The novel features of the invention are set forth with particularity in the appended claims. The invention itself, however, both as to organization and method of operation, together with further objects and advantages thereof, may best be understood by reference to the following description taken in conjunction with the accompanying drawings in which:
FIG. 1 is an overall configuration of an AVEN hydraulic control system which uses the flow management concept of the present invention;
FIG. 2 is a block diagram of the logic flow of the present invention; and
FIG. 3 s a schematic block diagram for providing details of variable gain calculations based on fluid flow calculations, for both the pump and the actuators, as shown in FIG. 2.
Referring to FIG. 1, there is illustrated an overall configuration of an AVEN hydraulic control system 100 which uses the concept of flow management of the present invention. The concept of flow management of the present invention is to share the output of the hydraulic supply in an effort to keep the size of the hydraulic pump 102 as small as possible. This has the advantages of reducing heat generation, reducing tankage, and lowering system weight, without compromising performance of the system 100. Furthermore, an actuation system may be added to divergent flaps of an axisymmetric nozzle to deflect exhaust gas by any amount and in any desired direction from engine counterline. Control of divergent gas flaps and vectoring may be separately actuated. Finally, additional engine actuation systems may be included without departing from the scope of the invention.
In FIG. 1, hydraulic pump 102 provides a constant pressure supply of hydraulic fluid along line 104 in a manner common in the art. Nozzle control valve 106 contains four electrohydraulic servo valves which port hydraulic fluid individually to each vector actuator of a vectoring nozzle actuation system, that is, the A9 system, including vector actuators 108, 110, and 112, and to a throat nozzle actuation system, that is, the A8 actuation system, as indicated by block 114. The total maximum flow demands of the total actuation system exceeds the capacity of the pump 102. Consequently, vector electronic control 116 provides logic and management of the system 100 using airframe vector commands 122, logic from inputs, and feedbacks 122a, 122b, 122c, and 122d to control the flow of hydraulic fluid by varying the electrical current inputs to each of the electrohydraulic servo valves in the nozzle control valve 106. Vector electronic control 116 also controls engine augmenter fuel flow 118. By the use of holds, and delays in changes of augmenter fuel flow, the system can hold or delay demands for A8 actuation at times when the A9 system requires flow.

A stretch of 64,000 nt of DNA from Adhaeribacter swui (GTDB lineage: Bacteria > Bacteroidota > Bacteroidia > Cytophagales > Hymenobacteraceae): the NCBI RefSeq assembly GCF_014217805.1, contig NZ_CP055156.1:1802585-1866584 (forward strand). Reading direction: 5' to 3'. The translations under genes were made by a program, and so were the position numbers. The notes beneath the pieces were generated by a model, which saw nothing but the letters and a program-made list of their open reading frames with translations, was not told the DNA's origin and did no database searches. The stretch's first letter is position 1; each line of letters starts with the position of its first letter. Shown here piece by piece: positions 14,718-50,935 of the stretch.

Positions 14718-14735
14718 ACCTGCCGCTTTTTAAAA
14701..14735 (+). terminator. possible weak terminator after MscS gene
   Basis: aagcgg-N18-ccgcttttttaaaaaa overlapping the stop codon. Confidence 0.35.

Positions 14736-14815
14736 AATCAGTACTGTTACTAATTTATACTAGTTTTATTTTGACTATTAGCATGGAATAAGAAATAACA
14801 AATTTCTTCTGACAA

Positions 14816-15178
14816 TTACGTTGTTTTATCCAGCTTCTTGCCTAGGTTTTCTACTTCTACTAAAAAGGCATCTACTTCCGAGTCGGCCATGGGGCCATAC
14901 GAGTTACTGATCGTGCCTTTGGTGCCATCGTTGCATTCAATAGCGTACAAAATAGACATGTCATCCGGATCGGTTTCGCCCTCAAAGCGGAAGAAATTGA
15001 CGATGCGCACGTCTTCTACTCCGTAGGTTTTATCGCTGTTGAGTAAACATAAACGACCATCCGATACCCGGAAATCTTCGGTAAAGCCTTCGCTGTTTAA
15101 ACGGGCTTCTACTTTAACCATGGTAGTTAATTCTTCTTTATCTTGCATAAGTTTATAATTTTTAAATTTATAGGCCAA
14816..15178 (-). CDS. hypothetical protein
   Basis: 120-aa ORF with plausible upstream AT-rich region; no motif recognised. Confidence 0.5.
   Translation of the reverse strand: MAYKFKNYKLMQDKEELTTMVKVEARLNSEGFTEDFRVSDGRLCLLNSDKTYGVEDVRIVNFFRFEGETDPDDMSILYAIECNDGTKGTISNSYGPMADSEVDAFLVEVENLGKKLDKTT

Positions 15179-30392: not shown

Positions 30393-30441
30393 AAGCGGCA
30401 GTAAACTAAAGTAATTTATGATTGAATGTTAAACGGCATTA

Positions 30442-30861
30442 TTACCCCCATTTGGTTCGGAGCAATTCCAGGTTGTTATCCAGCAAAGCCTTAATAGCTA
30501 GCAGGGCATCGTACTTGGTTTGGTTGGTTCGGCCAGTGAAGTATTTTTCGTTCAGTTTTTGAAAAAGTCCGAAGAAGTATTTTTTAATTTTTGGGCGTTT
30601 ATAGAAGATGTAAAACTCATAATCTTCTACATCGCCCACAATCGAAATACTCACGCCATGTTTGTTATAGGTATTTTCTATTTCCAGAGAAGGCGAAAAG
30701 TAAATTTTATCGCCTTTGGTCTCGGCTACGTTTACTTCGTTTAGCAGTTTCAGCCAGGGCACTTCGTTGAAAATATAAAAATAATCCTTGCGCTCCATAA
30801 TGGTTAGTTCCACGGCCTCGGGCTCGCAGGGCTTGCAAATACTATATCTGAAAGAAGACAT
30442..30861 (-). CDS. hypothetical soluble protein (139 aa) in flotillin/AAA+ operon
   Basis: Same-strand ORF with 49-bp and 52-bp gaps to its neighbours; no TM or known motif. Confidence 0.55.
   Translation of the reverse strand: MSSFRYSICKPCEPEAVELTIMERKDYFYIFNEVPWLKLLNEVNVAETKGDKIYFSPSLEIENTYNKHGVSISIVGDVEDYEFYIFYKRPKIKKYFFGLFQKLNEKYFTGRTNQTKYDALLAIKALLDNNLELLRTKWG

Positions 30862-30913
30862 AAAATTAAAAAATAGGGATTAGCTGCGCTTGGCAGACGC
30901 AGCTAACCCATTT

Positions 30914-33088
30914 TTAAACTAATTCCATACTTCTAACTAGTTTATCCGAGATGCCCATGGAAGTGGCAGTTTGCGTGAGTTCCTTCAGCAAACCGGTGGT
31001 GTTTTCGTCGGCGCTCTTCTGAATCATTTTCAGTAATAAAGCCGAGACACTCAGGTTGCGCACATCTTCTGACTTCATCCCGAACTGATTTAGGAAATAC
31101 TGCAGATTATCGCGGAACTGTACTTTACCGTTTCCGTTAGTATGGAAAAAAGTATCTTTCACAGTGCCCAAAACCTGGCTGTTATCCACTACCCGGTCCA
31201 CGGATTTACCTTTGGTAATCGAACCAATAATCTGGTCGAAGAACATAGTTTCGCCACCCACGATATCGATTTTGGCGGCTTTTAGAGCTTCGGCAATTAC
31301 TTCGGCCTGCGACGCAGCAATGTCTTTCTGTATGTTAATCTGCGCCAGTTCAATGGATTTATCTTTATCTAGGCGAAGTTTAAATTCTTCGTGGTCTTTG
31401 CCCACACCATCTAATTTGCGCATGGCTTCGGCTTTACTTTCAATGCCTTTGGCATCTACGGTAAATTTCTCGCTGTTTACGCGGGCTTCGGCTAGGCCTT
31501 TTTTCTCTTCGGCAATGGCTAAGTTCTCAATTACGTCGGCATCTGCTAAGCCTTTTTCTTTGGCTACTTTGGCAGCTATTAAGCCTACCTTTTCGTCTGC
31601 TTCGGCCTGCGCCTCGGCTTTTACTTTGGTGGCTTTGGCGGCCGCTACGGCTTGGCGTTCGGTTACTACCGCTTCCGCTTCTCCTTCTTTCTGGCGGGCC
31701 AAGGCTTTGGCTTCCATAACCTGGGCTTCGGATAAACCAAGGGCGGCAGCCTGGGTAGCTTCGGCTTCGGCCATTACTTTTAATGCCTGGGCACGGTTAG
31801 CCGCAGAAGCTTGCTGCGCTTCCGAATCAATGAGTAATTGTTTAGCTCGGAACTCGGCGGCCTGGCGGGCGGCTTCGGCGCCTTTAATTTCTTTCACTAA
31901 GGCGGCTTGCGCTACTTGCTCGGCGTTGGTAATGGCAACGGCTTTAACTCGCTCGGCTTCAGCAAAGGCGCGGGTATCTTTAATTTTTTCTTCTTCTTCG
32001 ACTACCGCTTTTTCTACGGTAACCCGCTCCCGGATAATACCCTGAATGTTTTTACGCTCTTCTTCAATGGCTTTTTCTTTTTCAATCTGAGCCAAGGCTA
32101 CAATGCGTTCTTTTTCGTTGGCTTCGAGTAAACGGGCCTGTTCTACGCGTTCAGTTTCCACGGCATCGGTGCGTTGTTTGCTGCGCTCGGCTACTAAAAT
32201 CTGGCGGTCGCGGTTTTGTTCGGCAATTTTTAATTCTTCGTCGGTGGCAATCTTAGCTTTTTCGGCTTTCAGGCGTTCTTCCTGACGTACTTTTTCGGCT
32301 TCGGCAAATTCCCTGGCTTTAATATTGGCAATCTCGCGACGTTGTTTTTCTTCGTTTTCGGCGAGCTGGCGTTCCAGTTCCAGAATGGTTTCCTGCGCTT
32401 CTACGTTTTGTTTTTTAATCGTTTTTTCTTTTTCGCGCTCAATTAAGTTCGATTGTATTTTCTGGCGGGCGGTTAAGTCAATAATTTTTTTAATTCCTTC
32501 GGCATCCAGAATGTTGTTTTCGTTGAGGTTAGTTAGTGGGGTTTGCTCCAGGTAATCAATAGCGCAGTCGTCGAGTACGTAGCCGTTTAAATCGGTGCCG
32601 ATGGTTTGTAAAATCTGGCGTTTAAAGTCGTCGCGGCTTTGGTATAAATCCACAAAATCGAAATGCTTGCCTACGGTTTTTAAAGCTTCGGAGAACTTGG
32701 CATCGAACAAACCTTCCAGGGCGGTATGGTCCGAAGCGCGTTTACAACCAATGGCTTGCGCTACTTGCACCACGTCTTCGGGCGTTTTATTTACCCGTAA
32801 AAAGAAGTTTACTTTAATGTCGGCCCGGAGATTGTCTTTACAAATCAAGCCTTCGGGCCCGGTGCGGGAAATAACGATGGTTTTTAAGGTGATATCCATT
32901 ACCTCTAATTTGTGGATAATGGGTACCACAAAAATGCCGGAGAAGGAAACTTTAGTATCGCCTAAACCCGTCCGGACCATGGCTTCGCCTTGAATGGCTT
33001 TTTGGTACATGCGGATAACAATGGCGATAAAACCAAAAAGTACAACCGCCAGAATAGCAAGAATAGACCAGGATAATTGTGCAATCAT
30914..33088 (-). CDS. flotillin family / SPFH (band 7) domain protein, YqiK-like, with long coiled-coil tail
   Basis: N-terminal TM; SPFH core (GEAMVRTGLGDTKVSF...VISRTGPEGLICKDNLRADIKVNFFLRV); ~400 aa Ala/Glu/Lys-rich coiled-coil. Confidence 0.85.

Continuing with FIG. 1, the nozzle control valve 106 also contains a hydraulic mode selector 120 which enables or disables the A9 system in response to cockpit commands, or fault logic contained in the vector electronic control. The vector control and logic 116, further illustrated in the remaining figures, allows for management of available hydraulic flow, in accordance with the present invention. The present invention provides for a method of controlling multiple hydraulic loads of pump 102, by generating control signals for maintaining total flow of hydraulic fluids and controlling rates of change of each of the multiple hydraulic loads in response to the control signals to optimize capacity of the pump.
Referring now to FIG. 2, the overall definition of the flow management concept of the present invention is illustrated in block diagram form. Block 200 represents the calculations necessary to ultimately determine A8 and A9 gains. Although the present invention illustrates and describes determination of pump flow by using pump flow calculations, it will be obvious to those skilled in the art that pump flow may be determined in any of a variety of ways, including by calculations or measurements, without departing from the scope and concept of the invention.
Within the calculations block 200, block 202 represents a pump flow calculation; block 204 represents a disconnect logic calculation, which interrupts the calculation of A9 flow whenever the A9 system is disabled. Block 206 represents engine and vector limit calculations, which include proximity to fan stall, control of A9/A8 nozzle expansion ratio, side thrust, and angular vector limits; block 208 represents A9 flow calculations, calculated from the displacement rate of each A9 actuator and the direction of stroke of each actuator; and block 210 represents A8 flow calculations, calculated for all A8 actuators as a group, since all of the A8 actuators have identical stroke and direction. All of the calculations from calculation block 200 are provided to output calculation block 212 which calculates A8 and A9 flow gain limits 214 and 216, respectively.